Why Startups Fail?

Startup fintech companies, just like other tech organisations out there, rely on innovative ideas that are about to improve some services or offer an entirely new one. But why do many of them fail? According to Harvard Business Review, bad companions, poor market and competitor research, as well as the lack of funding constitute the most frequent reasons why startups fail. Another research by CB Insights informs that new companies tend to fail due to disharmony among team/investors, burnouts, lack of passion, poorly developed or mistimed products, and pricing issues. Raising pre-seed funding can become a real challenge for startups as they spread their wings, so the highest percentage of them face the end before securing enough funding. Despite a high risk of failure, the future of fintech (the same concerns other tech industries) still rests on the trembling shoulders of newly fledged startups that have innovation but lack money to give their ideas a try.

List of Platforms for Getting Crowdfunded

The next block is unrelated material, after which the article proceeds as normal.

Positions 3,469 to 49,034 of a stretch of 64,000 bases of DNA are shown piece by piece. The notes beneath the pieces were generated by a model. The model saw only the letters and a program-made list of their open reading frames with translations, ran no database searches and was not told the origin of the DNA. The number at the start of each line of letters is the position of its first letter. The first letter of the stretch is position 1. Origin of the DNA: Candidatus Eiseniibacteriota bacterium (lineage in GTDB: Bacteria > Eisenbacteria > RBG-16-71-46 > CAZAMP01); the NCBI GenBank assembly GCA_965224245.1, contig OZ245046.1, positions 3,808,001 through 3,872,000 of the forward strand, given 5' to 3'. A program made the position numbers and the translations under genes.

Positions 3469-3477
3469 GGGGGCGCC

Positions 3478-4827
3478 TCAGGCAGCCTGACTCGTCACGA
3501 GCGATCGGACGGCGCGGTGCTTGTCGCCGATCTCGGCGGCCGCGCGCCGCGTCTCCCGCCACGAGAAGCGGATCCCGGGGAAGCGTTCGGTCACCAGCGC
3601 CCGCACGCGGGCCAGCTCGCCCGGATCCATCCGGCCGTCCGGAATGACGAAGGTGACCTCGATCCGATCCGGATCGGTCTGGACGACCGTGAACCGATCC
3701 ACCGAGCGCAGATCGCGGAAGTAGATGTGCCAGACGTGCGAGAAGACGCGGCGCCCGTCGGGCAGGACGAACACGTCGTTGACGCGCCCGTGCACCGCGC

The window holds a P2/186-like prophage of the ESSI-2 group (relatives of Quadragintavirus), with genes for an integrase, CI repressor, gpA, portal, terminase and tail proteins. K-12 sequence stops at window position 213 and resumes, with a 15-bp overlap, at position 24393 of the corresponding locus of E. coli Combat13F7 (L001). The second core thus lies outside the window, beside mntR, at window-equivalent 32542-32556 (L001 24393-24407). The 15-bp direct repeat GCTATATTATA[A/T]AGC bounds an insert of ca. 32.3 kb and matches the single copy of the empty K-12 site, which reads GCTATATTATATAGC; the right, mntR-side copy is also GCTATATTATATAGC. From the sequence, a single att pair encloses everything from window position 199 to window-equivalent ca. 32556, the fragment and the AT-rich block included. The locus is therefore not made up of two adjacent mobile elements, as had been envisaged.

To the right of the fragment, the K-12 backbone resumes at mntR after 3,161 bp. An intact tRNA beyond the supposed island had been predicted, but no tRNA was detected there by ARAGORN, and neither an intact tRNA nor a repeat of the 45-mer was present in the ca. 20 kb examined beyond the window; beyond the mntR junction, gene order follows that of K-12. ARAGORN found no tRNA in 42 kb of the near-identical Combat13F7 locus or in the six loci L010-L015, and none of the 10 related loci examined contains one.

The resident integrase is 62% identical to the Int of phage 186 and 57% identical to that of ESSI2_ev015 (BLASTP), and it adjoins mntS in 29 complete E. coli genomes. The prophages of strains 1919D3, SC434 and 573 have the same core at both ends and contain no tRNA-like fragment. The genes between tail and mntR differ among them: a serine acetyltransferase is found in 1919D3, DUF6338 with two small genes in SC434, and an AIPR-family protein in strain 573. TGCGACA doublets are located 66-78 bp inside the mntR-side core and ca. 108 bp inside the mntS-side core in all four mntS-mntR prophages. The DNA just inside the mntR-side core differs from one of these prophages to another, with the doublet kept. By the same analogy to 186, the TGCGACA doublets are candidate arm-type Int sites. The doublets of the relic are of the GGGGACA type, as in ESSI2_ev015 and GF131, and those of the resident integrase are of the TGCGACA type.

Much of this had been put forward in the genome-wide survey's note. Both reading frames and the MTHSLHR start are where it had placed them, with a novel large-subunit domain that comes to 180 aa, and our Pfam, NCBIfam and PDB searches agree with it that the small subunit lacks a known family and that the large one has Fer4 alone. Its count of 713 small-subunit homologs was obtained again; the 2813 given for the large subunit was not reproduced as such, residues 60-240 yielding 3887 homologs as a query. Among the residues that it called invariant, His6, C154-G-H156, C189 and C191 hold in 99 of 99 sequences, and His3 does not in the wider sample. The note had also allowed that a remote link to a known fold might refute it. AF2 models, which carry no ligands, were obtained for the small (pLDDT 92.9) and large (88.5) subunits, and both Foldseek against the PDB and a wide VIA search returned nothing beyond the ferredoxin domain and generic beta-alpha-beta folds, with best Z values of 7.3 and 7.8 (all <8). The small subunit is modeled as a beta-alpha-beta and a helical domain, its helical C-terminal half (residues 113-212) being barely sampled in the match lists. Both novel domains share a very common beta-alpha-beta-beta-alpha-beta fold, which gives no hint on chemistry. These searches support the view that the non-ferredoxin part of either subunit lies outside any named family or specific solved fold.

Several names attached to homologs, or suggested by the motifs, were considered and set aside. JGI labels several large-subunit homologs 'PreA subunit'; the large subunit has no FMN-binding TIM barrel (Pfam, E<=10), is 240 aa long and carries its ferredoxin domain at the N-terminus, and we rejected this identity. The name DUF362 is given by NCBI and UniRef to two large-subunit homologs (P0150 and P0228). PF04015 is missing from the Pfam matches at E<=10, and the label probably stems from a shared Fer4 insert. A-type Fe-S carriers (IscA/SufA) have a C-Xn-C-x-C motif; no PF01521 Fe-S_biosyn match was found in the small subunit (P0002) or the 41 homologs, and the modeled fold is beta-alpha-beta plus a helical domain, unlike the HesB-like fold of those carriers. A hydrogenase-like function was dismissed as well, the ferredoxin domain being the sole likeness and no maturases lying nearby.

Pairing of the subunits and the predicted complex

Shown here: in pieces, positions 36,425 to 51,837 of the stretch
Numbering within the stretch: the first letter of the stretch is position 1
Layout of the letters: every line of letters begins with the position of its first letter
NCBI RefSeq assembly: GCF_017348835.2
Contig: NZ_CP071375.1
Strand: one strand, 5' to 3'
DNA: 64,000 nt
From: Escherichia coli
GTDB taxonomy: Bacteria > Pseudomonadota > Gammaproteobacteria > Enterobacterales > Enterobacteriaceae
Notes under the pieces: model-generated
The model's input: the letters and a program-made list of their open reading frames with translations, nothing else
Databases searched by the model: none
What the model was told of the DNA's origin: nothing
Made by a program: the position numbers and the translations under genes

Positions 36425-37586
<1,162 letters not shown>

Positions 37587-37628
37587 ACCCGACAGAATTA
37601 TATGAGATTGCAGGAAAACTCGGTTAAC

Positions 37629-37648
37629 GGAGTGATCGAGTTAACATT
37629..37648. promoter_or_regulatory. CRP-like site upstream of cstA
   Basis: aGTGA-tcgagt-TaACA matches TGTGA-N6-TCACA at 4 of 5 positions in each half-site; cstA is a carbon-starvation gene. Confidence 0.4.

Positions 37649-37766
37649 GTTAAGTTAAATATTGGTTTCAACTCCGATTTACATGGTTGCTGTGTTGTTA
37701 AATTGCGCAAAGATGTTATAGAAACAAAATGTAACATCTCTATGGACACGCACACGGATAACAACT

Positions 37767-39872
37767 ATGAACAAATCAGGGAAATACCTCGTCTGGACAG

If you haven’t heard about this crowdfunding platform, chances are you’re right now building a colony on Mars. A friendly reminder — Kickstarter asks for 5% of the total funds you raise within its domains. In exchange, it provides a global reward-based platform for any kind of activity and audience. If you’re a musician, game developer, or fintech startup, you can pitch your product to Kickstarter’s audience for them to decide whether it’s worthy of funding or not. What you need for starters involves an email list, your product’s demo, a trailer shedding light on the product (optional), and a project page. For example, the most successful Kickstarter campaigns in history included Pebble Time (2015), an innovative smartwatch that raised $20m on crowdfunding, and Frosthaven, a dungeon crawling game whose campaign hit almost $13m in 2020.